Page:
Dangerous Beauty: Thorns, Spines and Prickles
18 September – 18 December 2014
This exhibition included artworks and books that depicted the formidable and yet beautiful defensive structures of thorns, spines and prickles that have evolved to protect plants from predation. Featured were drawings, watercolors, prints and books displaying thistles, teasels, cacti, roses, berry brambles, stinging nettles and citrus trees.
How many times have you cursed the hidden dagger in your bouquet of roses, delicately reached through the treacherous bramble to pick the perfect raspberry or marveled at the scale of the monstrous needles covering a tiny cactus? These structures are the first line of defense many plants have against hungry herbivorous predators, but their intriguing characteristics are often overlooked. In this exhibition we took a closer look at the beauty of these frightful weapons and the artworks that revealed them.
The first step in appreciating these defensive structures is an understanding of what they are and how they differ from each other. In the most basic sense, thorns, spines and prickles can all refer to the sharp, stiff, woody defensive appendages found on some plants. Thorns are modified stems, as in Citrus Linnaeus. Spines are modified leaves, as in Echinocactus Link & Otto. Prickles differ in that they emerge from the epidermis, mesophyll or cortex of the plant, as in Rosa Linnaeus. Examples of these structures were depicted in a variety of ways, from detailed scientific illustrations to loose interpretations, but all showing how beautiful these structures can be.
Artists represented were Marie Angel (England, 1923–2010); Diana Carmichael (United Kingdom/South Africa, 1926–2010); Louis Claude de Chastillon (France, 1639–1734); Celia Crampton (Africa/England); Anne Ophelia Todd Dowden (United States, 1907–2007); Raymond Dowden (United States, 1905–1982); Georg Dionys Ehret (Germany/England, 1708–1770); Henry Evans (United States, 1918–1990); Alejandro Gavriloff (Estonia/Argentina, 1914–1993); Lucretia Hamilton (United States, 1908–1986); Charlotte Hannan (Germany/United States); Jeanne Russell Janish (also Mrs. Carl F. Janish; United States, 1902–1998); Christabel King (England); Carl Ignaz Leopold Kny (Germany, 1841–1916); Paul Landacre (United States, 1893–1963); Dorika Leyniers de Buyst (Belgium); Chrissie Lightfoot (England); Petr Liska (Czechoslovakia); Stanley Maltzman (United States); Yoshikaru Matsumura (Japan, 1906–1967); Roderick McEwen (Scotland, 1932–1982); Joan McGann (United States); Jeni Neale (also Jeni Barlow; England); Gunnar Norrman (Sweden, 1912–2005); Marilena Pistoia (Italy); Frantisek Procházka (Czechoslovakia, 1911–1976); Pierre-Joseph Redouté (Belgium, 1759–1840); Elizabeth Rice (England); Nicolas Robert (France, 1614–1685); Christian Schkuhr (Germany, 1741–1811); Geraldine King Tam (United States); Gesina B. Threlkeld (Netherlands/United States); Unknown artist (Mexico, fl.1787–1803), Torner Collection of Sessé & Mociño Biological Illustrations; Unknown artist (United States, fl.1900s), USDA Forest Service Collection; Frederick Andrews Walpole (United States, 1861–1904). A selection of rare books from the Hunt Institute Library collection also was included in this exhibition.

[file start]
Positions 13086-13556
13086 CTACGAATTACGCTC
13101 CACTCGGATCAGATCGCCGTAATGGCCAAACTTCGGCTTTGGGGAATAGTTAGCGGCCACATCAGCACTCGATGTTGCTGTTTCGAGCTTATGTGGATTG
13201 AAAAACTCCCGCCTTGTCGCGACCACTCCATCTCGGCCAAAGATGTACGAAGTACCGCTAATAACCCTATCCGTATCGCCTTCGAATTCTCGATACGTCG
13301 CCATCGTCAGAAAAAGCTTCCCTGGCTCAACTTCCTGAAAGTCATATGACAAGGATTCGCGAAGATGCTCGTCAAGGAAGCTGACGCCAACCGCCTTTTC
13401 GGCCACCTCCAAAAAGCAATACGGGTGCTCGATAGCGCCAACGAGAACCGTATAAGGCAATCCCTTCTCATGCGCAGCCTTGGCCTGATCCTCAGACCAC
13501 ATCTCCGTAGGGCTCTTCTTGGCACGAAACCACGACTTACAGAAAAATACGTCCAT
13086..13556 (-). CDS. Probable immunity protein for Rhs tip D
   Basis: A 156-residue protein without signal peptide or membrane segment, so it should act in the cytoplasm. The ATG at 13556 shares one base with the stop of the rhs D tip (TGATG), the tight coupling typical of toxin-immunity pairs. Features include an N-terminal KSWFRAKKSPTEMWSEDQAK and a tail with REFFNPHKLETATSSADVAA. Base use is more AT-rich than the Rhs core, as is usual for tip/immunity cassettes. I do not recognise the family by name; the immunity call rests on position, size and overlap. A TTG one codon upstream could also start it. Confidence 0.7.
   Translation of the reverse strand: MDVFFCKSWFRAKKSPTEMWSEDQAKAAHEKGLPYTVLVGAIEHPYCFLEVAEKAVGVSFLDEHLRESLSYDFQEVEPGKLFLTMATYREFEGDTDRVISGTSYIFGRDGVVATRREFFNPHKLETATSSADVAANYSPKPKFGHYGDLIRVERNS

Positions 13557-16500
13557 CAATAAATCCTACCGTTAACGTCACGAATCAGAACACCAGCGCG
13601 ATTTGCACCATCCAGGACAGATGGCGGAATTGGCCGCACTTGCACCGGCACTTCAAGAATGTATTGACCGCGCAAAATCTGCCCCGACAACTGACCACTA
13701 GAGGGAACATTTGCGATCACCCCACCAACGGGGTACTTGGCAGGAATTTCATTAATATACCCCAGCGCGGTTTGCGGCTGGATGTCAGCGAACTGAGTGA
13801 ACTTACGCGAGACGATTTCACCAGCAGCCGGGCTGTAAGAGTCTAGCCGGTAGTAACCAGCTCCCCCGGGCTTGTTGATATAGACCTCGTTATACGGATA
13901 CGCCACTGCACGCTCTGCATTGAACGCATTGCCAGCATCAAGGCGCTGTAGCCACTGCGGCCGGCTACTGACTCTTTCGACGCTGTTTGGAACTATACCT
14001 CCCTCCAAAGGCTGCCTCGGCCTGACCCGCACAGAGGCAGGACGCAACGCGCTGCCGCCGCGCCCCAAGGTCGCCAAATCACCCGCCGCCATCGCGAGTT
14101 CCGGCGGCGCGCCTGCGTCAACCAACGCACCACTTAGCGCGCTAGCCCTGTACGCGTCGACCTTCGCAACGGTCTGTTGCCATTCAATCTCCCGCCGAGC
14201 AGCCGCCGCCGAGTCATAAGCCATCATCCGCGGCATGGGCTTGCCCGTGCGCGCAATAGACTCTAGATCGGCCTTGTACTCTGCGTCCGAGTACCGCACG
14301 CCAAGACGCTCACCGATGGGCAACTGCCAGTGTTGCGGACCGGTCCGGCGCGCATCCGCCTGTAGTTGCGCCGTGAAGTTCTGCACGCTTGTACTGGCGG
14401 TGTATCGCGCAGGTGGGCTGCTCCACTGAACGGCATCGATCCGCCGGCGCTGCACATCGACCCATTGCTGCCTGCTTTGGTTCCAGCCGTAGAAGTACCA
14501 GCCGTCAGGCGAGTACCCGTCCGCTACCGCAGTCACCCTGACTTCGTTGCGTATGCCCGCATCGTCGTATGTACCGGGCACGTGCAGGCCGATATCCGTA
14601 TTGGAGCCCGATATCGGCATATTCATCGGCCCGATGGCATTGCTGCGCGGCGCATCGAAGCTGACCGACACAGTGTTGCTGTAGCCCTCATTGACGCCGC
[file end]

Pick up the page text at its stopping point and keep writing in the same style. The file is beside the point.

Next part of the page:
On Thursday, 18 September 2014, 5–7 PM, we held an opening reception. At 5:30 PM Assistant Curator of Art Carrie Roy gave a short introduction to the exhibition in the gallery.
We were open on Saturday, 11 October, 1–4 PM, during Carnegie Mellon University's Cèilidh Weekend festivities. Docent–led tours were available throughout the afternoon.
Cabinet of curiosities
On display during fall 2014 in our Cabinet of curiosities located in the lobby were books from the Library collection featuring plants with thorns, spines and prickles. Humans are often undeterred by these sometimes pain-inducing plant features, finding that their sharpness can serve a purpose or that the plant is useful despite the pricks and jabs one might incur. The Cabinet explored how these plants have been utilized.